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If the matrix $A$ is such that $$A= \begin{bmatrix} 2\\ −4\\7\end{bmatrix}\begin{bmatrix}1& 9& 5\end{bmatrix}$$ then the determinant of $A$ is equal to ______.
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+1
how to solve this simple question ?

Hi,

For this kind of matrices Determinant is zero.

A will be a $3$x$3$ matrix where the first row will be $2$ [$1$ $9$ $5$], second row will be $-4$ [$1$ $9$ $5$] and third will be $7$ [19 5]. That is, all the rows of A are linearly dependent which means A is singular. When matrix is singular |A| = 0. References: https://www.youtube.com/watch?v=aKX5_DucNq8&list=PL221E2BBF13BECF6C&index=19 answered by Active (4.8k points) edited +18 we know that \begin{align} \left. \begin{array}{l} \operatorname{rank}(AB) \leq \operatorname{rank}(A) \\ \operatorname{rank}(AB) \leq \operatorname{rank}(B) \end{array}\right\} \implies \operatorname{rank}(AB) \leq \operatorname{min}(\operatorname{rank}(A), \operatorname{rank}(B)). \end{align} Therefore deteminant of given matrix has to be zero to make its \operatorname{rank} \leq 1 0 perfect use of properties :P +2 Very intuitive question if you notice our matrix A will have the first row as 2*[1\,\,9\,\,5] Second row as -4 *[1\,\,9\,\,5] Third row as 7* [1\,\,9\,\,5] So, all three rows will be the linear combination of [1\,\,9\,\,5] and hence det(A)=0 0 Can you please check ..whether i understood it right ?? here A = \begin{bmatrix} 2 \\ -4\\ 7\\ \end{bmatrix} \begin{bmatrix} 1 & 9 & 5 \end{bmatrix} Rank of Column vector/matrix is always 1 because single column is independent Rank of Row Vector/matrix is always 1 because single row is independent Not sure about above 2 statements ? And we know rank(PQ) = min(rank(P),rank(Q)) Hence here rank(A) = min(1,1) ==> rank(A) <= 1 Size of Matrix A will be 3 X 3 and rank <=1 ==> All Submatrices of A of size >1 has Determinant = 0 Hence \left | A \right | should be 0 0 @Jatin-you can directly tell that determinant of such matrix is 0. How? A=\begin{bmatrix} 2.1 & 2.9 &2.5 \\ -4.1 & -4.9 &-4.5 \\ 7.1 & 7.9 & 7.5 \end{bmatrix} Please note that . operator shown above is actually multiplication operator. You can directly see all combinations of matrix are a linear combination of \begin{bmatrix} 2\\ -4\\ 7 \end{bmatrix} Hence rank(A)=1 and det(A)=0 0 Yes..tht is easy..m just trying to understand concept mentioned in sachin sir's comment. is this true ?? Rank of Column vector/matrix is always 1 because single column is independent Rank of Row Vector/matrix is always 1 because single row is independent 0 Yes you also feel it logially. You have only 1 row or 1 vector. It's independent because you don't have any other row or column available which can generate it right? So true. You also check my answer on this one. 0 Your above example how rank(A)=0? I think rank(A)=1? 0 @Lakshman-Yes buddy thanks for correction. I am bit tired by now so made mistake. +7 votes A=\begin{bmatrix} 2\\ -4\\ 7 \end{bmatrix}\begin{bmatrix} 1 &9 &5 \end{bmatrix} A=\begin{bmatrix} 2&18 &10 \\ -4 & -36 &-20 \\ 7&63 &35 \end{bmatrix} |A|=2 \times 4 \times 7\begin{vmatrix} 1&9 &5 \\ -1 & -9 &-5 \\ 1&9 &5 \end{vmatrix} R1\rightarrow R1 + R2 |A|=2 \times 4 \times 7\begin{vmatrix} 0&0 &0 \\ -1 & -9 &-5 \\ 1&9 &5 \end{vmatrix} |A|=2 \times 4 \times 7 \times 0 |A|= 0 answered by Boss (40.7k points) +6 You have no need to solve it further From here u can see two rows are identical when two rows are identical we have property if two rows or column identical then determinant will be zero +2 votes mutiply matrices after that find determinant.. its zero.. answered by Veteran (55.6k points) +1 vote A is given as the product of 2 matrices which are of order 3 x 1 and 1 x 3 respectively. So after multiplication of these matrices, matrix A would be a square matrix of order 3 x 3. So, matrix A is : 2 18 10 -4 -36 -20 7 63 35 Now, we can observe by looking at the matrix that row 2 can be made completely zero by using row 1, this is to be done by using the row operation of matrix which here is : R2 <- R2 + 2R1 After applying above row operation in the matrix, the resultant matrix would be: 2 18 10 0 0 0 7 63 35 i.e. Row 2 has become zero now. And if a square matrix has a row or column with all its elements as 0, then its determinant is 0. ( A property of a square matrix ) Hence answer is 0. Note: Determinant is defined only for square matrices, and it is a number which encodes certain properties of a matrix, for ex: a square matrix with determinant 0 does not has its inverse matrix. answered by Loyal (8.8k points) edited 0 +1 vote It's a very simple question and answer can be directly given 0 without lifting your pen. \begin{bmatrix} 2\\ -4\\ 7 \end{bmatrix}.\begin{bmatrix} 1 & 9 & 5 \end{bmatrix}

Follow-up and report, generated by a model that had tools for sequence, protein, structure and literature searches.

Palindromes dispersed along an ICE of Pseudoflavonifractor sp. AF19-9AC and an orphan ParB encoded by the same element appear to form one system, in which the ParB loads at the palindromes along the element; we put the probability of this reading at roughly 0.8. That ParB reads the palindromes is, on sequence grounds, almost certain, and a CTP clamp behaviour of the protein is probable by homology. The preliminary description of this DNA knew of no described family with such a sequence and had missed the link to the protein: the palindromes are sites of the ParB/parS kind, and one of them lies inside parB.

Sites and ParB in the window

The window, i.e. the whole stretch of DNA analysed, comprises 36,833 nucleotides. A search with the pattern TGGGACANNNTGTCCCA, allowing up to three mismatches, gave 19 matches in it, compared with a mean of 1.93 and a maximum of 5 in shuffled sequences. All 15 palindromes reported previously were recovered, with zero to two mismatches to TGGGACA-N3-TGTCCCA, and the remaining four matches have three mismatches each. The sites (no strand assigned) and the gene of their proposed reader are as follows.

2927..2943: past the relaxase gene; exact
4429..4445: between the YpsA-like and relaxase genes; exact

Column1 of Matrix A=$1 \times\begin{bmatrix} 2\\ -4\\ 7 \end{bmatrix}$

Column2 of Matrix A=$9 \times \begin{bmatrix} 2\\ -4\\ 7 \end{bmatrix}$

Column3 of Matrix A=$5 \times \begin{bmatrix} 2\\ -4\\ 7 \end{bmatrix}$

All columns of A are linear combinations of $\begin{bmatrix} 2\\ -4\\ 7 \end{bmatrix}$ and hence independent column is only column 1-->$\begin{bmatrix} 2\\ -4\\ 7 \end{bmatrix}$

When an nxn matrix does not have full set of n independent columns

(1)Surely it's determinant is 0.

(2)One of the Eigen-values of such matrix should be 0.

(3)Such matrix won't be diagonalizable.

(4)On Reducing such matrix to Echelon form(U), while reducing, you will find a 0 entry at somewhere along the diagonal and hence this matrix will never be LU Decomposible.

answered by Boss (19.1k points)
$A= \begin{bmatrix} 2\\ −4\\7\end{bmatrix}\begin{bmatrix}1& 9& 5\end{bmatrix}$

$A=-56\begin{bmatrix}1& 9& 5\end{bmatrix}$ [1st matrix is just common factor, so multiply it's terms]

So, only 1 row in the matrix

determinant must be 0
answered by Veteran (104k points)

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